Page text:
from The American Hockey Players — Map (db m2872) HM|
|Minnesota (St. Louis County), Eveleth — Paul Wellstone Memorial and Historic Site|
|“Politics is not just about power and money games, politics is about the improvement of peoples lives, about lessening human suffering in our world and bringing about more peace and justice.”
Near this site on October 25, 2002—twelve days before Election Day—a plane carrying United States Senator Paul Wellstone crashed en route to the Eveleth airport. In addition to Wellstone, the crash took the lives of his wife Sheila Wellstone, their daughter Marcia . . . — Map (db m2891) HM|
|Minnesota (St. Louis County), Hermantown — Sunrise Memorial Park War Memorial|
|This memorial is dedicated to
peace and to man's search for it.
...and they shall beat their swords into plowshares,
...Nation shall not lift up sword against Nation,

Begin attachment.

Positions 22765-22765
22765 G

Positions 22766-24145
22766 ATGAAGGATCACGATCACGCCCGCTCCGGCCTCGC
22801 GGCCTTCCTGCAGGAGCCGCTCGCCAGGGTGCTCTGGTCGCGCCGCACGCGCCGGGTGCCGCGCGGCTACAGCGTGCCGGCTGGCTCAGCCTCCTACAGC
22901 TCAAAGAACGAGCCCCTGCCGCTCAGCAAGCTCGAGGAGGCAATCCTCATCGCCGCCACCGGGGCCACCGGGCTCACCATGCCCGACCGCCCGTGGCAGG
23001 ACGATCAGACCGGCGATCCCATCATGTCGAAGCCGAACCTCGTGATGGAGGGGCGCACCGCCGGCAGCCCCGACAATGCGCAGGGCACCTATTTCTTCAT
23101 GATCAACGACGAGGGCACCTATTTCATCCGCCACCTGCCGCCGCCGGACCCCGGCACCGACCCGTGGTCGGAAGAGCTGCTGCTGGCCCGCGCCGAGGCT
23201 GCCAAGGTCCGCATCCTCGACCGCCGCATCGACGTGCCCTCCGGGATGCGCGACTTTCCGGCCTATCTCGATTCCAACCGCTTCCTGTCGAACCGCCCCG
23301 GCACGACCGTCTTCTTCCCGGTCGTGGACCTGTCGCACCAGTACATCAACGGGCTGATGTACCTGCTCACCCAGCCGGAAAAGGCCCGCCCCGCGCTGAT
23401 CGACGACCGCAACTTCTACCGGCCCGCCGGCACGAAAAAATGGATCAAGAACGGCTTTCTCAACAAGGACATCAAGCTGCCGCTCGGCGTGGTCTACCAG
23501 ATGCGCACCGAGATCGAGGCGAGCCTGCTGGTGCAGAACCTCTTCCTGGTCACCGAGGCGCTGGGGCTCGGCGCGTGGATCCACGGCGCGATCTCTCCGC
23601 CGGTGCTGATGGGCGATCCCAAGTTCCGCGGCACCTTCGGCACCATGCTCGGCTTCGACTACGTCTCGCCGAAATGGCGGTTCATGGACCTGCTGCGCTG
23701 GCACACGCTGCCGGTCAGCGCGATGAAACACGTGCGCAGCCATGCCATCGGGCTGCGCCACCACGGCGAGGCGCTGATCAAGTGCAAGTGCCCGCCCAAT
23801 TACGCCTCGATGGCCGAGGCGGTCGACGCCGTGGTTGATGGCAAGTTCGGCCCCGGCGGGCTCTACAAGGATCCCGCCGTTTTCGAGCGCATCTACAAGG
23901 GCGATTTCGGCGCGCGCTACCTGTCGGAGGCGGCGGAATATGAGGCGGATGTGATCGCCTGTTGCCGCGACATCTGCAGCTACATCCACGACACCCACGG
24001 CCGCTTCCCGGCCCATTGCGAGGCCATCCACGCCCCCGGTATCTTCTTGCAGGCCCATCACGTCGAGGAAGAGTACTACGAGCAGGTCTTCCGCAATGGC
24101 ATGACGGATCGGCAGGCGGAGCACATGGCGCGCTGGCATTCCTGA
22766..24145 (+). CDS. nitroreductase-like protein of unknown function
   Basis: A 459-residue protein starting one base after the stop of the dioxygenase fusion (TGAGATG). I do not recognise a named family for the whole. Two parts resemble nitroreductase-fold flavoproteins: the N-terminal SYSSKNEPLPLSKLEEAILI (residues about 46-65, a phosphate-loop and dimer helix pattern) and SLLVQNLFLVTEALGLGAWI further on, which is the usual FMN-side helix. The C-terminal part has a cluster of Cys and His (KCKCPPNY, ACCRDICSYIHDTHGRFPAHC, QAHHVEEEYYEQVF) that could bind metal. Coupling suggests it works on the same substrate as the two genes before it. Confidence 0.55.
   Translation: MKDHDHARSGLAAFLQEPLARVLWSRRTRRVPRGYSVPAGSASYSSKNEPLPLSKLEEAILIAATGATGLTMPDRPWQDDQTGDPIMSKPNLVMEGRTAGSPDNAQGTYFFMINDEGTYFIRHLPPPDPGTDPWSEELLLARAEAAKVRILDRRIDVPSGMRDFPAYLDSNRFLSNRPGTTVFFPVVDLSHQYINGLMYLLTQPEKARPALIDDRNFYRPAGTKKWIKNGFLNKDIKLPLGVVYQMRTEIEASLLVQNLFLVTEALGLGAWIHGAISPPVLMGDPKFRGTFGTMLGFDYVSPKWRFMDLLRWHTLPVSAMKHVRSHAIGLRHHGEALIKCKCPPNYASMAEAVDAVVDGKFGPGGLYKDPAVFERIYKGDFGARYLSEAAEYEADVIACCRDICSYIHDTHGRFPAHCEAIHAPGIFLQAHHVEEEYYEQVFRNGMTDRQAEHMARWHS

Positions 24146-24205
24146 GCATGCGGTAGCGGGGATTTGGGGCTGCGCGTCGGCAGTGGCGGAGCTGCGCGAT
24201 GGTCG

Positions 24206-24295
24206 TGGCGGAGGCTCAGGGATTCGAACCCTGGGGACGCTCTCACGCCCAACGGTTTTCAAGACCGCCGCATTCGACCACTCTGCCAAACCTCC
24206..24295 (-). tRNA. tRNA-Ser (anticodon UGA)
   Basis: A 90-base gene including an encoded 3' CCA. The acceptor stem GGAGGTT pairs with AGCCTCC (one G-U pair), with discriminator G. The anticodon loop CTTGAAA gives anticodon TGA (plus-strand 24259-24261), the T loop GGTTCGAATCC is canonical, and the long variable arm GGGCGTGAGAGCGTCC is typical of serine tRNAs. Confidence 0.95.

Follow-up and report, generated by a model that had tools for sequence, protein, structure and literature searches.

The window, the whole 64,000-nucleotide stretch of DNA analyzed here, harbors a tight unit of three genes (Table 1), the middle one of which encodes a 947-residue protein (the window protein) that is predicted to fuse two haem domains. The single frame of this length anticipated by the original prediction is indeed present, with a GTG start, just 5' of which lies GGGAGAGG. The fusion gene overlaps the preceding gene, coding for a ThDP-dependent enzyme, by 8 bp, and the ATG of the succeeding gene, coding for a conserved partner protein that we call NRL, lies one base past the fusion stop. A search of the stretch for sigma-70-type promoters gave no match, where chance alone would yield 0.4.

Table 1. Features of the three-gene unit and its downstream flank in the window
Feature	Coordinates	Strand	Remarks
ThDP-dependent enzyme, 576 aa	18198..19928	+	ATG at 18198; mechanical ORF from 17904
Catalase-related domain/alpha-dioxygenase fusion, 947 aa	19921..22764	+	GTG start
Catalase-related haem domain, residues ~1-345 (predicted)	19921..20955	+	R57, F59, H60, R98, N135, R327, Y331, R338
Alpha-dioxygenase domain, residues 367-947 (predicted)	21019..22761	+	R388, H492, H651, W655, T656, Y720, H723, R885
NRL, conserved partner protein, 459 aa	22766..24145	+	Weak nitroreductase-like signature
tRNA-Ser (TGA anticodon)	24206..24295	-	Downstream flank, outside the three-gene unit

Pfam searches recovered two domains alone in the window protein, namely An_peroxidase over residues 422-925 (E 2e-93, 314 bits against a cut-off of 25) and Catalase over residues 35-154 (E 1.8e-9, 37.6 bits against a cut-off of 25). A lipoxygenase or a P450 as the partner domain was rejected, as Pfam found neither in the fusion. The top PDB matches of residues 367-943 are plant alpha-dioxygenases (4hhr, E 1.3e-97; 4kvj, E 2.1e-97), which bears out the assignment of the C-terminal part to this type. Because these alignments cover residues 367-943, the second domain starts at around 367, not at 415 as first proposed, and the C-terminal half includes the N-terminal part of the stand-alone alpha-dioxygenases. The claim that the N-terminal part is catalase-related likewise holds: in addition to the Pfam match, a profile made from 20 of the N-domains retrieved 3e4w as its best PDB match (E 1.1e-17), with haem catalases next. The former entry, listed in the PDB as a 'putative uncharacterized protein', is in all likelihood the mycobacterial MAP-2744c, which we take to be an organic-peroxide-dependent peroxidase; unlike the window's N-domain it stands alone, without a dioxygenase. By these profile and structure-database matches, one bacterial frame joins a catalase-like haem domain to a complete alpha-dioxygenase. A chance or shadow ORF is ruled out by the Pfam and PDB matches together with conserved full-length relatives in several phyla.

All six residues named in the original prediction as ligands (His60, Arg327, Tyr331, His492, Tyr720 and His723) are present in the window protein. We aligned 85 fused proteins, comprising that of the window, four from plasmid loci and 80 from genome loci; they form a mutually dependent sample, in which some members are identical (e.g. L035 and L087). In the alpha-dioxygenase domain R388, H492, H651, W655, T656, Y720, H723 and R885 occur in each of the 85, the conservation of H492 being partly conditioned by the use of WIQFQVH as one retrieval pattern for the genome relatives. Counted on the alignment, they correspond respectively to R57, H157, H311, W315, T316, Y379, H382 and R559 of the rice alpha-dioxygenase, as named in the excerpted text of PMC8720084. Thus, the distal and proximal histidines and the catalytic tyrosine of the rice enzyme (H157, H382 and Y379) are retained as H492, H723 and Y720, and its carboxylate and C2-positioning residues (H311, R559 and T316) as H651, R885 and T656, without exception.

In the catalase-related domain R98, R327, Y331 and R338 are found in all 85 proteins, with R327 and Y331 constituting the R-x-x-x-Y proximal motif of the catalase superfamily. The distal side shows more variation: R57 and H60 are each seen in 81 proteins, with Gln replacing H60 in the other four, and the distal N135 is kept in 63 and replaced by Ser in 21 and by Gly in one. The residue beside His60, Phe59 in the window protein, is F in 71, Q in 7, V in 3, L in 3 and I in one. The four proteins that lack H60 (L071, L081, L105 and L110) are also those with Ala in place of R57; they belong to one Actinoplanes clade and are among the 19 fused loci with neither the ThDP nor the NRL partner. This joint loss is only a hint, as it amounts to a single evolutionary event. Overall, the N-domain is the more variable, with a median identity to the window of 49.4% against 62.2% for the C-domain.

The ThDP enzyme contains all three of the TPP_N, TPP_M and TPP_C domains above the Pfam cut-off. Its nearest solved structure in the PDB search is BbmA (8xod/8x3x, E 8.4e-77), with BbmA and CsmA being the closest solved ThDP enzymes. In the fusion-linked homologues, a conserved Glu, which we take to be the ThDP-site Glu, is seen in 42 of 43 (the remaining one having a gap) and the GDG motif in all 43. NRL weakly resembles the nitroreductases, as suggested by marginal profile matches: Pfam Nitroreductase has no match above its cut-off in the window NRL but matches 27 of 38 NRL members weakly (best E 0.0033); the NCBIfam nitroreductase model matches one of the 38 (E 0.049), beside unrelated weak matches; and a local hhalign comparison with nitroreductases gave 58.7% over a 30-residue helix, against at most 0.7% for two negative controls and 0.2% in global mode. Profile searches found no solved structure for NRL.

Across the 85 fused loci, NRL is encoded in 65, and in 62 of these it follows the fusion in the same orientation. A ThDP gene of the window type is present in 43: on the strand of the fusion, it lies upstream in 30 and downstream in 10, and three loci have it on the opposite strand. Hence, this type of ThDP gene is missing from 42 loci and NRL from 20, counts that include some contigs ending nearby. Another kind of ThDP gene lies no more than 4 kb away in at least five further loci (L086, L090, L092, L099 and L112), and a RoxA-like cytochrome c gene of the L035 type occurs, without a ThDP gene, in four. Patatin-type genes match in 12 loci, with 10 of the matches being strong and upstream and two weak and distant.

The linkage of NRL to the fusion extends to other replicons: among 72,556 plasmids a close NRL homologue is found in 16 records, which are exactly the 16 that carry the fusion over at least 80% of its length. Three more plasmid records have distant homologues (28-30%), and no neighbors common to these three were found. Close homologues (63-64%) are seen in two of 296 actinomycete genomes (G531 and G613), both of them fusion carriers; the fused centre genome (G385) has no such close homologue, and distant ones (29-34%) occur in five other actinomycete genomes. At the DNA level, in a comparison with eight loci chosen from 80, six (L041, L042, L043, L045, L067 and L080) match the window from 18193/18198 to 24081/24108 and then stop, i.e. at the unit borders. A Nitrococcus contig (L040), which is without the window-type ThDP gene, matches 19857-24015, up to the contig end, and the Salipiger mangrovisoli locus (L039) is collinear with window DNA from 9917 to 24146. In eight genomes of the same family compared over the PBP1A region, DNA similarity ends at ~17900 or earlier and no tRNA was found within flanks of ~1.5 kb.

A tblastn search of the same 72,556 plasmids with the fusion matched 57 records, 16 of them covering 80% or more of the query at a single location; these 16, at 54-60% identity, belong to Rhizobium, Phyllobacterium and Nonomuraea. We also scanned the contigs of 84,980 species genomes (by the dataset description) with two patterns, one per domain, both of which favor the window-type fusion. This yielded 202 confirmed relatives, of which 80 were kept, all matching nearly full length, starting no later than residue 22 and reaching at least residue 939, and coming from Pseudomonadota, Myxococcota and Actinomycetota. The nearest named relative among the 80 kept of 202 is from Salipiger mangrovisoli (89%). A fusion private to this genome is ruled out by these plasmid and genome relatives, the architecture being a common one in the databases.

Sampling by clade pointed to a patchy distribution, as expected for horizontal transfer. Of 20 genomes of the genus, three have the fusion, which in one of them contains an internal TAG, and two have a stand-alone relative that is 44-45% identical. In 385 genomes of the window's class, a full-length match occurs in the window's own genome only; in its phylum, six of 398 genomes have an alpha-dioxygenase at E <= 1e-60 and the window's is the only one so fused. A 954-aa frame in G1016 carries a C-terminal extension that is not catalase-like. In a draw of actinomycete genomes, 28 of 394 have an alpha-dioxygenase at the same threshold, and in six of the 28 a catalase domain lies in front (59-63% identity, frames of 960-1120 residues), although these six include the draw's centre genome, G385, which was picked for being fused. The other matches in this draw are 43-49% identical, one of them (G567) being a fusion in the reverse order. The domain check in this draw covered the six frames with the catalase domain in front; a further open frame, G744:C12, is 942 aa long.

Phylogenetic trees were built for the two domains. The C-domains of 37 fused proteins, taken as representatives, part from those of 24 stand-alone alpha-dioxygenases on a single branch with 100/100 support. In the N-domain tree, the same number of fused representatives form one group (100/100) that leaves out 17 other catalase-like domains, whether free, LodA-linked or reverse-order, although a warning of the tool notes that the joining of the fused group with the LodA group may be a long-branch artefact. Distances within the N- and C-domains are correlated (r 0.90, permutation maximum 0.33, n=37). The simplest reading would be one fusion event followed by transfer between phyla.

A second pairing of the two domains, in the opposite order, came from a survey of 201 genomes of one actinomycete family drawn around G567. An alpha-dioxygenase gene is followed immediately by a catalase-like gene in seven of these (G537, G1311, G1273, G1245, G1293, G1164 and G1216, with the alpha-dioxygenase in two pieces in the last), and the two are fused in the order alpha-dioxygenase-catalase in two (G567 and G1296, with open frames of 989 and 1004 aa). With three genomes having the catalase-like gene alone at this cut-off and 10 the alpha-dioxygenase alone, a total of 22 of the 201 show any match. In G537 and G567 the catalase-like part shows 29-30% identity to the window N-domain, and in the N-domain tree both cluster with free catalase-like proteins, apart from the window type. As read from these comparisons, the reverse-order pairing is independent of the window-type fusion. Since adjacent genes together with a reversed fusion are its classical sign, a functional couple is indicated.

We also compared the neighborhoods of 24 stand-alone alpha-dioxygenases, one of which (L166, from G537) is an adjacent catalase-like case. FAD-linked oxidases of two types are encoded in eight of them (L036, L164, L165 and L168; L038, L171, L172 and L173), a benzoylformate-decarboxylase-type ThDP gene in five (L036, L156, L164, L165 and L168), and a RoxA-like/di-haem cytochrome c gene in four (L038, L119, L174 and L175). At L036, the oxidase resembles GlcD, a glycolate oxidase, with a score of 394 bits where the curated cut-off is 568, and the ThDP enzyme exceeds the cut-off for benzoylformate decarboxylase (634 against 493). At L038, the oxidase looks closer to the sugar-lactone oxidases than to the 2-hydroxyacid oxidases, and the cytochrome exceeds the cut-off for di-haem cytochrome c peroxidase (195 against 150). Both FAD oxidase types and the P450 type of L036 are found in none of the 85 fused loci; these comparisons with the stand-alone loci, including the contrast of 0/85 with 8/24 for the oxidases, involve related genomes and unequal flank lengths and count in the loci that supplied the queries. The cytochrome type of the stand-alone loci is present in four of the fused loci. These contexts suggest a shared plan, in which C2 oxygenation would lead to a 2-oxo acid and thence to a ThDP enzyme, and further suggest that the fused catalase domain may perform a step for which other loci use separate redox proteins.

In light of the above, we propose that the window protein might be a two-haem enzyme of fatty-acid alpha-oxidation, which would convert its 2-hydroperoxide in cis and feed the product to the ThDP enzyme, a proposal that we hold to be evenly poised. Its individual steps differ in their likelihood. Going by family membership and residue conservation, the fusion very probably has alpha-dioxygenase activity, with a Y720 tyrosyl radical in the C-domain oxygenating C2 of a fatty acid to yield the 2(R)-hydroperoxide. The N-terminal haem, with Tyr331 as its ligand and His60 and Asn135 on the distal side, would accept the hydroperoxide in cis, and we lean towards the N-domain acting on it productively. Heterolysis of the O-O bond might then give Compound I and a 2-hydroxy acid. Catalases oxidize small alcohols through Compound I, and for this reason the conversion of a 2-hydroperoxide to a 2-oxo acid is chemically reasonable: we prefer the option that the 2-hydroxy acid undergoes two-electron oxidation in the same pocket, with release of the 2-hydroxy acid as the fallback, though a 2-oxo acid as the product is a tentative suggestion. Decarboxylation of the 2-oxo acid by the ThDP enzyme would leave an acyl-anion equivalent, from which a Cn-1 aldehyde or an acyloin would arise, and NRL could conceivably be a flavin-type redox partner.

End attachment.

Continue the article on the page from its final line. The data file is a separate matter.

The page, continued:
neither shall they learn war anymore.
Isaiah 2:4 — Map (db m43710) HM|
|Minnesota (St. Louis County), Hibbing — 170 & 240 Ton Production Trucks|
|The giant 170 ton production truck in front of you was donated by Hibbing Taconite in 1998. It was originally purchased in 1975 at a price of $451,900 and operated for a total of 110,000 hours or an equivalent of 12.5 continuous years. During the career of Truck 166 it hauled over 30 million tons of materials, both ore and waste.
This truck is considered an 'electric' haulage unit in that each of the four wheel hubs houses an electric drive motor. Power to drive these wheel motors is . . . — Map (db m7088) HM|
|Minnesota (St. Louis County), Hibbing — Birthplace of Greyhound Lines|
|It was in Hibbing, during 1914, that the Greyhound Bus System, through its predecessor company, first began operation. — Map (db m2756) HM|
|Minnesota (St. Louis County), Hibbing — Business District|
|The heart of any city is its business district. In Hibbing, this was on Pine Street and also on Third Avenue.